See some of the common questions people ask about counselling.
What can I expect?
Counselling is different than talking to a friend, family member, or partner. For one, there are specific goals for your counselling sessions. Also, counsellors often don’t share much about themselves personally, and while they may provide direction, they don’t often give advice.
A counsellor’s job is to first establish a safe space, so you can feel comfortable sharing your thoughts and feelings. Your information is kept confidential – except under rare circumstances required by law, nothing will ever be shared with anyone else.
How does it work?
In an environment of trust and sharing, you and the counsellor gain an understanding of the barrier you’re facing. Together, you’ll establish goals, talk about the changes you want to make, and create a plan.
To do this, you’ll probably talk about how you’ve been coping so far, what has worked before, and what hasn’t. Your counsellor will help you add new skills and resources to the strategies that may already be working for you.
What will I get out of it?
Through the counselling process, expect to learn a great deal about yourself and grow as a student, artist, and person.
What’s the difference between counselling and academic advising?
Counsellors may assist you with academic decision-making (whether to drop or add a course, or take time off to reduce stress, for example), but program-specific decisions should be discussed with someone in ACAD’s Academic Advising office.
How is counselling different from learning support?
Counsellors can help you with time management, procrastination issues, attention challenges, and test anxiety. They can also provide support to students, registration, and faculty regarding withdrawals from ACAD, grade appeals, and readmission following a withdrawal.
ACAD’s Learning Assistance Office is also an important resource for tutoring, writing skills, study skills, test-taking, time management, and organization. Learning Assistance also manages classroom accommodations for students with identified disabilities.
What’s the difference between counselling and career advising?
ACAD counsellors can and will support you with career-related decisions. However, what ACAD students often look for is direction on how and where to apply the skills they’re learning at ACAD. For these types of concerns, ACAD provides career advising as well as several courses and workshops designed to assist students to create their careers.
How is counselling different from peer support?
Remember that informal support your from peers at ACAD can be invaluable. Just knowing that other student artists and designers are experiencing some of the same challenges (and successes) as you are can make all the difference in the world.
Often by the time I can see a counsellor, my problem has passed. Is it still worth making an appointment?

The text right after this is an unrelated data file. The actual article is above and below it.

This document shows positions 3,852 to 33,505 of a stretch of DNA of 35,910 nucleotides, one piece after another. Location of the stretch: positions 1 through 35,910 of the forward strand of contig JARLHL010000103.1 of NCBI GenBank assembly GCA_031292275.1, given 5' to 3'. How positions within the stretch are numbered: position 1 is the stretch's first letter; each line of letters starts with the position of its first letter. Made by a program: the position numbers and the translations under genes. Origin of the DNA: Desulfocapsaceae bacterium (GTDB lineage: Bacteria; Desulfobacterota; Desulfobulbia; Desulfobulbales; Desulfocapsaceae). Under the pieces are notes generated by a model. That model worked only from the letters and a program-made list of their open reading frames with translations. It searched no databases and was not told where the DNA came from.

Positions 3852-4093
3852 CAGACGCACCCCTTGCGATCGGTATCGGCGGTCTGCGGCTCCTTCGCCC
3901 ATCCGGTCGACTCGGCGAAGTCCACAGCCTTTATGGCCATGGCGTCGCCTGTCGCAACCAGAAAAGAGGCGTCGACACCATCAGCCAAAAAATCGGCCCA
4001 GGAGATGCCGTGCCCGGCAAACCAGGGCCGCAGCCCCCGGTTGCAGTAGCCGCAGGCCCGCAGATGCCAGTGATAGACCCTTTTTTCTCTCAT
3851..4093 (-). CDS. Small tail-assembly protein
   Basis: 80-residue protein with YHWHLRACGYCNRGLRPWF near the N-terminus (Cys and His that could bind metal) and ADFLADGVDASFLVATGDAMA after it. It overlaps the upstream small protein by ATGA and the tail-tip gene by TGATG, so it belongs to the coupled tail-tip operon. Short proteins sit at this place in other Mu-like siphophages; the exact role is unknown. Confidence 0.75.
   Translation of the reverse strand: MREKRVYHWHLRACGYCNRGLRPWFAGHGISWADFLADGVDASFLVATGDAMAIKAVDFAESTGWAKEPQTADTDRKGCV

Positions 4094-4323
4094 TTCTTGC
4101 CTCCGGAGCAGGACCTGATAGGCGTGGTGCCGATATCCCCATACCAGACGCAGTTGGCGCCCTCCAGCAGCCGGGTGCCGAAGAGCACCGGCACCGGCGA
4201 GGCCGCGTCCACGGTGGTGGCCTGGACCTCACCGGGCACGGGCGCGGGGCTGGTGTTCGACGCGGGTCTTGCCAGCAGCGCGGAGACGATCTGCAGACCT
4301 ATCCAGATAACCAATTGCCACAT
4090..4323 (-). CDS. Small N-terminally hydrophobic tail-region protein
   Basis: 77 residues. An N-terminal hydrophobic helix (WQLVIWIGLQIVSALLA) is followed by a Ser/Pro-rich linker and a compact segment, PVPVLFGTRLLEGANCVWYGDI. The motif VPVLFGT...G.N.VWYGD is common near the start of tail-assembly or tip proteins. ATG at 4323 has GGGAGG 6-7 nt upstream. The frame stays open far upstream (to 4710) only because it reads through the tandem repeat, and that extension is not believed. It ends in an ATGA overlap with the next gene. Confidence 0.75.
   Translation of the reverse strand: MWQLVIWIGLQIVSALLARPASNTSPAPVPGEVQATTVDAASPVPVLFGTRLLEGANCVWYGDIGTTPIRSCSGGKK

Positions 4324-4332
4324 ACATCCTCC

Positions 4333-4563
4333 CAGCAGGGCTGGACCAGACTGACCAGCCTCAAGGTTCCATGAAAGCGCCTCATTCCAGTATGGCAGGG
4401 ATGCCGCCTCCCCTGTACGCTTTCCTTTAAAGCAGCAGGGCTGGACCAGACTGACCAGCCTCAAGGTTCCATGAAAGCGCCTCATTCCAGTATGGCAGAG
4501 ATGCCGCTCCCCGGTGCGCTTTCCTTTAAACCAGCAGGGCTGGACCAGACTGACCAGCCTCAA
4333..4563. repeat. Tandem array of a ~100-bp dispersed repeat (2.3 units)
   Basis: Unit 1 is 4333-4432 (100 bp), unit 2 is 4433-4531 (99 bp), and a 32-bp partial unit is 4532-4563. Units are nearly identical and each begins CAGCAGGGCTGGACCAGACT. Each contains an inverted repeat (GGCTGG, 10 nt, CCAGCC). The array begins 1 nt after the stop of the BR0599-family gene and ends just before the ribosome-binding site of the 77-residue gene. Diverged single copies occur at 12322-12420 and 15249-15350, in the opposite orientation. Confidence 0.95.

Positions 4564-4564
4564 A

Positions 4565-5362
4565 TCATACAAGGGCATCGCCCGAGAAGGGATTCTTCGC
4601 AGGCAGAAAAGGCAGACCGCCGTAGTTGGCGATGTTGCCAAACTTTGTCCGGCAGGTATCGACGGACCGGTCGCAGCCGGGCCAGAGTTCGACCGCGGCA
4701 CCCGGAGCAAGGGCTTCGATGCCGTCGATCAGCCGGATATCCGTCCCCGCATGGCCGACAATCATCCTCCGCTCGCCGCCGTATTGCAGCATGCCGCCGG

Yes. Sometimes the high levels of emotion you experience when dealing with a problem can interfere with finding a lasting solution. In counselling, you’ll learn ways to alter the behavior patterns or circumstances that led to the challenge, so you can deal with similar problems more easily in future.
If I’m having an unpleasant feeling, that is definitely a time to see a counsellor, right?
Possibly, but not always – feeling bad is an appropriate reaction to something bad happening. Although seeking counselling to work through a difficult time is appropriate, counselling is not about making these bad feelings go away. Counselling may sometimes be directed at building your tolerance for unpleasant feelings and helping you become more resilient.
What’s the point of counselling if my counsellor isn’t going to give me advice?
Counsellors might help you find options and come to decisions, but we rarely tell you what to do. Instead, we support you as you come to your own conclusions. We’ll help you find options and weigh decisions, but people often take more responsibility for their lives and grow most when they make their own choices.
How long should it take for me to feel better?
That depends on many factors, but usually it takes a few sessions before substantial change happens. The first appointment is mainly for information gathering. For the counsellor to gain a real understanding of you, more sessions are usually needed. The average number of sessions attended by ACAD students is about three, and the most recent data indicates that in 94% of cases, symptoms were reduced or at least prevented from worsening in that time.
How long are appointments?
Appointments typically last 50 minutes in order to give the counsellor time to prepare for the next student. Please be punctual so we can spend as much time as possible on your concerns.
What is expected of me as a client?
Change can be a tough process, but your role as a client is pretty straightforward. Come to appointments. Be on time. Be as honest and open with your counsellor as you feel comfortable. Try the things you and your counsellor come up with in your sessions. And give your counsellor feedback about how you feel your sessions are going.